Mabel Dodge and the Steins: Acquiring the Spirit of “The New”: Intimate Memories

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Dublin Core

Title

Mabel Dodge and the Steins: Acquiring the Spirit of “The New”: Intimate Memories

Subject

Art, Modernism, and Bohemia

Description

Mabel Dodge and the Steins: The Spirit of “The New”

Among intellectuals, artists, and revolutionaries who passed through the gates of Villa Curonia during Dodge’s time in Florence, the Steins were a pair that stood out. Gertrude Stein is one of the most well-known modernists and some may have even encountered a little poem of hers entitled “Portrait of Mabel Dodge at the Villa Curonia”. Historian Helen Baralonini even comments that “The most significant of Mabel's visitors [At the Villa Curonia] for the launching of the next part of her life was Gertrude Stein” (280). Their visits would have a continued influence over the formation of Dodge’s own ideology about the concept of art at the dawn of the 20th century that would eventually carry over into Dodge’s work in the Greenwich Village when she returned to the United States. From Dodge’s encounters with the Steins and their way of life, Dodge comes to shed more of the rigid upbringing that she longs to part with for a new line of thinking and living. The Steins focused less on what was popular and more on their own impulsive and instantaneous reaction and desires. Though much of what Mabel Dodge embodies appears to be a summation of the streams of thought around her (like those of the Steins), the organization of gatherings like hers required a person like Mabel Dodge who was observant, receptive, and open to new ideas in order for those ideas to spread and grow outside of the artistic microcosm where the ideas and artistic styles flourished in Paris.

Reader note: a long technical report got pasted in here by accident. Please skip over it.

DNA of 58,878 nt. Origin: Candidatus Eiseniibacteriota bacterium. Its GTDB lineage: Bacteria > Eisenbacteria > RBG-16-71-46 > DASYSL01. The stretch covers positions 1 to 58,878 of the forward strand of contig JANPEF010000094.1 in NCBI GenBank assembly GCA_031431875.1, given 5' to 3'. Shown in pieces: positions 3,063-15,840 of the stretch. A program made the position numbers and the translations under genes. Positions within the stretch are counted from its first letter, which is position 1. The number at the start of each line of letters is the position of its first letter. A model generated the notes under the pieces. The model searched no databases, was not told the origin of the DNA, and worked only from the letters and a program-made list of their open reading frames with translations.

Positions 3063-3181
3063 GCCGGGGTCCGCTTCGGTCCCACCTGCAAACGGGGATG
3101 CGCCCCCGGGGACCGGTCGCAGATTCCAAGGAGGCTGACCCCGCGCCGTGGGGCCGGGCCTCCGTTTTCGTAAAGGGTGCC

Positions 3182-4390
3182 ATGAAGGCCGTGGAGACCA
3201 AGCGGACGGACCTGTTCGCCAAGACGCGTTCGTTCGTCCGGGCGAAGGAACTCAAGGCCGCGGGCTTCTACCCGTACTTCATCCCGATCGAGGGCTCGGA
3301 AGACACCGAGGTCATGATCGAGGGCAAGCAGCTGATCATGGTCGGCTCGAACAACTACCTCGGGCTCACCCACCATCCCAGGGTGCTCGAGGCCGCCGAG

Upon meeting Gertrude Stein, Dodge is in awe of Stein’s stark contrast to the standards of Victorian women and reacts with fascination. Dodge’s fascination opens her to comprehension of the way of life Stein portrays. Stein’s open and nonjudgmental attitude will continue to be a crucial trait that Dodge takes on and that allows Dodge to serve as a sort of bridge between the radicals she surrounds herself with and more mainstream life and high society life. Dodge explains, “I remember she was the first one—of all those sophisticated, cultured people I had grown accustomed to—who made me realize how nothing is anything more than it is to oneself” (Luhan 2175). Her realization eventually led Dodge to distance herself more from the expectation of her early life and allow her to promote and support artists and radicals like Stein. Stein’s influence guides her to divorce and to New York where her autonomy would flourish and Dodge would become the keystone of the artistic, social, and political “new”.

Dodge’s open and conscience observation can be seen in how she focuses on how appearance translates to ideology when she describes Gertrude Stein. Dodge writes, “When she got up she frankly used to pull her clothes off from where they stuck to her great legs. Yet with all this she was not at all repulsive… She always seemed to like her own fat anyway and that usually helps other people to accept it. She had none of the funny embarrassment Anglo-Saxons have about flesh. She gloried in hers” (Luhan 2176-2180). Though frequently the tone of Dodge’s work generally seems to parallel that of someone observing an animal in nature rather than one of her peers, her intrigue and appreciation of what is different gives her a unique role as someone who is not producing art but is able to support and promote literature and visual art in way the makers cannot. Physical description is predominant in Dodge’s depiction of Gertrude Stein. Dodge’s visual depiction is significant because her portrayal of Stein reveals her desires to distance herself from previous inhibition or what she calls funny “Anglo-Saxon” embarrassment.